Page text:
3. Tightening Tension
  4. Dynamic Dialogue
  5. Show, Don’t Tell
  6. Ban the Boring
  7. Exciting Endings

Mrs. Marney Meredith

High School Library Visits

We have resumed our fortnightly visits to the Singleton Library. Our decision to introduce regular library visits was made on the strength of data that shows that children who choose to read independently for pleasure demonstrate significant improvement in comprehension, spelling and grammar, writing skills, general knowledge and self-esteem.

We deliberately provide as many opportunities as possible because we know from research that children who read for pleasure achieve higher scores on tests, including in maths, reading comprehension and logical problem solving. Studies also show that teenagers who read in leisure time showed less risky behaviour and had higher levels of motivation towards school.

We encourage you to ask your child what they borrowed and to show an interest in what they are reading. All high school students must contribute to our compulsory Library Log on Schoology. Ask your child to share with you what they have contributed. Thank you for supporting us as we strive to improve outcomes for your child.

Stage 4 English

In Stage 4 English, students are currently exploring the adventure genre. We began by looking at Biblical people who had extraordinary adventures, and after refining skills in finding the main idea and paraphrasing, students then composed narrative poems about their Biblical adventurer.

Here is a sample. Thank you, Lucy, for sharing your work.

Daniel and the Lion’s Den

(By Lucy Kelly)

He was a faithful servant,

A faithful servant was he.

No error or fault could be found,

Yet the men plotted for him to be bound.


“May King Darius live forever!”

They made a statue in his favour.

This was all a part of the plotters’ plans

To see Daniel fall at their hands.


So Daniel hearing this decree,

Three times fell to his knee.

He had always praised God this way.

And so too this was how they found him one day.


The king was displeased at this news,

But his decree he knew he could not refuse.

“May your God whom you always worship save you!”

And so Daniel was to meet a lion knowing there was nothing he

could do.


So into the den he was thrown,

For the faith in his God that he had shown.

So God sent an angel to his side,

The lions could not eat him if they tried.


The eventing went on with the King not at rest,

Then the morning rose with him hoping for the best.

“Was God, whom you always worship able to save you?”

Then Daniel proclaimed, “My God, He came through.”


Soon King Darius would make a new decree,

And post it where all could see -

For people to follow Daniel’s God In every way,

And pray sincerely each passing day.

Φοβερός - Foveros!

‘Prwto’ is the Greek word meaning ‘first class’. ‘Foveros’ and ‘gamato’ both mean ‘awesome’. These words capture perfectly last Friday’s Greek banquet. Stage 5 students worked hard all day to prepare an amazing array of Greek dishes that were all eagerly devoured by their delighted parents. We congratulate our wonderful students on their culinary skills, hours of preparation, superb cuisine and warm hospitality. Thank you, Mr. Perry, for all your hard work in preparing the students for this event.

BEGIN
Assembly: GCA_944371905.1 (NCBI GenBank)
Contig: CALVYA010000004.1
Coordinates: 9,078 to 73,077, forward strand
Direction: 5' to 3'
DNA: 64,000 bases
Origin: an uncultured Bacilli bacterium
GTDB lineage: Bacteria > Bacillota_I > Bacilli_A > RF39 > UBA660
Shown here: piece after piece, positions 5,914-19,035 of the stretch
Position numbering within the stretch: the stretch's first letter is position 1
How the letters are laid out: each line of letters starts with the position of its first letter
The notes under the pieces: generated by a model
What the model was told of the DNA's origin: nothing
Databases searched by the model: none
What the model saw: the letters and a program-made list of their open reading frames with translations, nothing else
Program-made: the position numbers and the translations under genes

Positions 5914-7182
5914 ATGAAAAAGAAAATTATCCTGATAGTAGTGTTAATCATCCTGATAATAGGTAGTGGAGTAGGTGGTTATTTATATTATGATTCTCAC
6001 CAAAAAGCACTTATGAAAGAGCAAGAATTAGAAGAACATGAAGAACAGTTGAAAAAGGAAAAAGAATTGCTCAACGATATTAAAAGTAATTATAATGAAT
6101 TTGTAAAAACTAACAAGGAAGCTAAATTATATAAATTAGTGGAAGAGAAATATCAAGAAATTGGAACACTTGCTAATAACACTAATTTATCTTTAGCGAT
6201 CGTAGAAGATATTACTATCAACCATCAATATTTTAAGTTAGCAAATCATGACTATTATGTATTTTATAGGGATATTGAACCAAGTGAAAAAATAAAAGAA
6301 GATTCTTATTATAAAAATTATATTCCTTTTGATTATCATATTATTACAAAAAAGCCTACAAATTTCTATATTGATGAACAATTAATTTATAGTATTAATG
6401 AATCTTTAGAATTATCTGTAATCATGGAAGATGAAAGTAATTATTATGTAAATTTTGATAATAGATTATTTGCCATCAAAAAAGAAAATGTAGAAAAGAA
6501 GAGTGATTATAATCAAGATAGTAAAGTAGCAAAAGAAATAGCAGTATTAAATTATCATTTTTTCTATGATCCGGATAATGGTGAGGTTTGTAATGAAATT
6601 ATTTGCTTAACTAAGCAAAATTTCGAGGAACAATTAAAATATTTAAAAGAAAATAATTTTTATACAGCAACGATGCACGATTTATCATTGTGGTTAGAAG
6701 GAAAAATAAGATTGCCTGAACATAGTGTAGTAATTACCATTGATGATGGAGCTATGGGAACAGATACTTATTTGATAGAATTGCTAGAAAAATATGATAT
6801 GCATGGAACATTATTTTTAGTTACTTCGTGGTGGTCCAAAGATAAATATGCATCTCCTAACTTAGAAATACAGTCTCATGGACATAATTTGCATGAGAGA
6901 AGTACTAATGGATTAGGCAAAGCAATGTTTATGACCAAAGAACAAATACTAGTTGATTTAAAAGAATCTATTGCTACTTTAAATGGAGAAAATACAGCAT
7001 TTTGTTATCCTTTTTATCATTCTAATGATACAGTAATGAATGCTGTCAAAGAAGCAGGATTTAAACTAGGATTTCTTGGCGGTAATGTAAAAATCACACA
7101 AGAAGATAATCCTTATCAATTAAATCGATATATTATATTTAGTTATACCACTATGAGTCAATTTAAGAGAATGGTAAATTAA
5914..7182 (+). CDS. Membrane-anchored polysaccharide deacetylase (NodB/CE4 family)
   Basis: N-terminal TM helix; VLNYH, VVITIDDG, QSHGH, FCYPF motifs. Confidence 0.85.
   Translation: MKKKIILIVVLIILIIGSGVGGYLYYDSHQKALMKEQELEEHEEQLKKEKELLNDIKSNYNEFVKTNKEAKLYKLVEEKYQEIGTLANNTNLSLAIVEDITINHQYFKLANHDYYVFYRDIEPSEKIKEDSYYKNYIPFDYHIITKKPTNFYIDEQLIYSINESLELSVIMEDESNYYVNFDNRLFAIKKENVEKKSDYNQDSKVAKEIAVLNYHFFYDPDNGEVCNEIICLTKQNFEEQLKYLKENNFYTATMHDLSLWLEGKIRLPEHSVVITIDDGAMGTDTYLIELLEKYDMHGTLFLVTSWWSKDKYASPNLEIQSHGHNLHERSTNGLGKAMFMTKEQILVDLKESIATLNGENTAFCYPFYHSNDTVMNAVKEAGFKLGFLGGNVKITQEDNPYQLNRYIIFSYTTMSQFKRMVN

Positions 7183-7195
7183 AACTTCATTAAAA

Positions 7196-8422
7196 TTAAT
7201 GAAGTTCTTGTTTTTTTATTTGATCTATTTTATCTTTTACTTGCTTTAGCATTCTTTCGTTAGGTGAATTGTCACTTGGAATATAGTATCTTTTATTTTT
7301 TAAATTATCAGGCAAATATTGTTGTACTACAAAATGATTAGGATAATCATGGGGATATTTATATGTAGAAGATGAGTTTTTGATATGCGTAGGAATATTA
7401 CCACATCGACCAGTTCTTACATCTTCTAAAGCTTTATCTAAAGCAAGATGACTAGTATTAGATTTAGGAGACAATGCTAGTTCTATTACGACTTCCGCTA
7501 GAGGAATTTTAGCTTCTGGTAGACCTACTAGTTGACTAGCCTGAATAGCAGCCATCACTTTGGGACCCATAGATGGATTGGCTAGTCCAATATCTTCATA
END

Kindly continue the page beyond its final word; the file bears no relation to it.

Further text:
Missions

All high school parents should be so proud of our students in their community service activities. Last term we visited Cooinda Retirement Village and gave assistance at the Salvation Army hall. They really did you proud!

This term, Stage 4 will have 2 visits again to Cooinda. It has been a raging success. Our students have gone over, showing respect and care for the elderly, coming out of their comfort zones to create conversations with strangers. These strangers are fast becoming friends. You only had to see the smiles from the residents and the students to realise how caring our students are.

Stage 5 have begun two amazing programs during Missions this term: Shine (for our girls) and Strength (for our boys). The programs are designed to build confidence and understanding of intrinsic value. There is also a focus on decision making and problem solving skills.

Students have been buzzing over how good these programs are on their first week. It is excellent to have such high quality programs available to the students.

Mrs. Makayla Tydeman


Mathematics

Stage 4 have commenced Probability this week, with Stage 5 commencing Non-Linear Graphs. Early this week there will be a topic test for both classes. Once these are complete, a full scale study-assault should be commenced to prepare for the Yearly Exams coming up in Week 6.

Food Technology

Stage 4 were abuzz with success and culinary pleasure after making scones this week. Our journey is to appreciate the cultures that have historically contributed to today’s Australian palate. The recipe is the easiest ever.

Ingredients: 2 cups self raising flour, 150 ml thickened cream, 150 ml chilled lemonade. Mix it, knead it, cut it into circles, cook it at 200 degrees Celsius for approximately 12 minutes. Just delicious!

Year 10 Formal

On Thursday 1st December, our Year 10 students will celebrate an important milestone - the end of Stage 5 and their schooling at ACC. They are excitedly planning their Year 10 formal dinner which will be held at Tuscany Estate, Pokolbin on Thursday 1st December.

IMPORTANT DATES

Term 4: 11th October - 7th December (9 week term)

Pre Kinder Orientation Event - 11th November at 9am

Remembrance Day Service - 11th November at 10:40am

Bridging the Generations - Local History with Senior Citizens - 17th November

Kindergarten Orientation Event - 18th November at 9am

Week 6 - Secondary Exams

Year 10 Formal - Thursday 1st December

Presentation Day - 7th December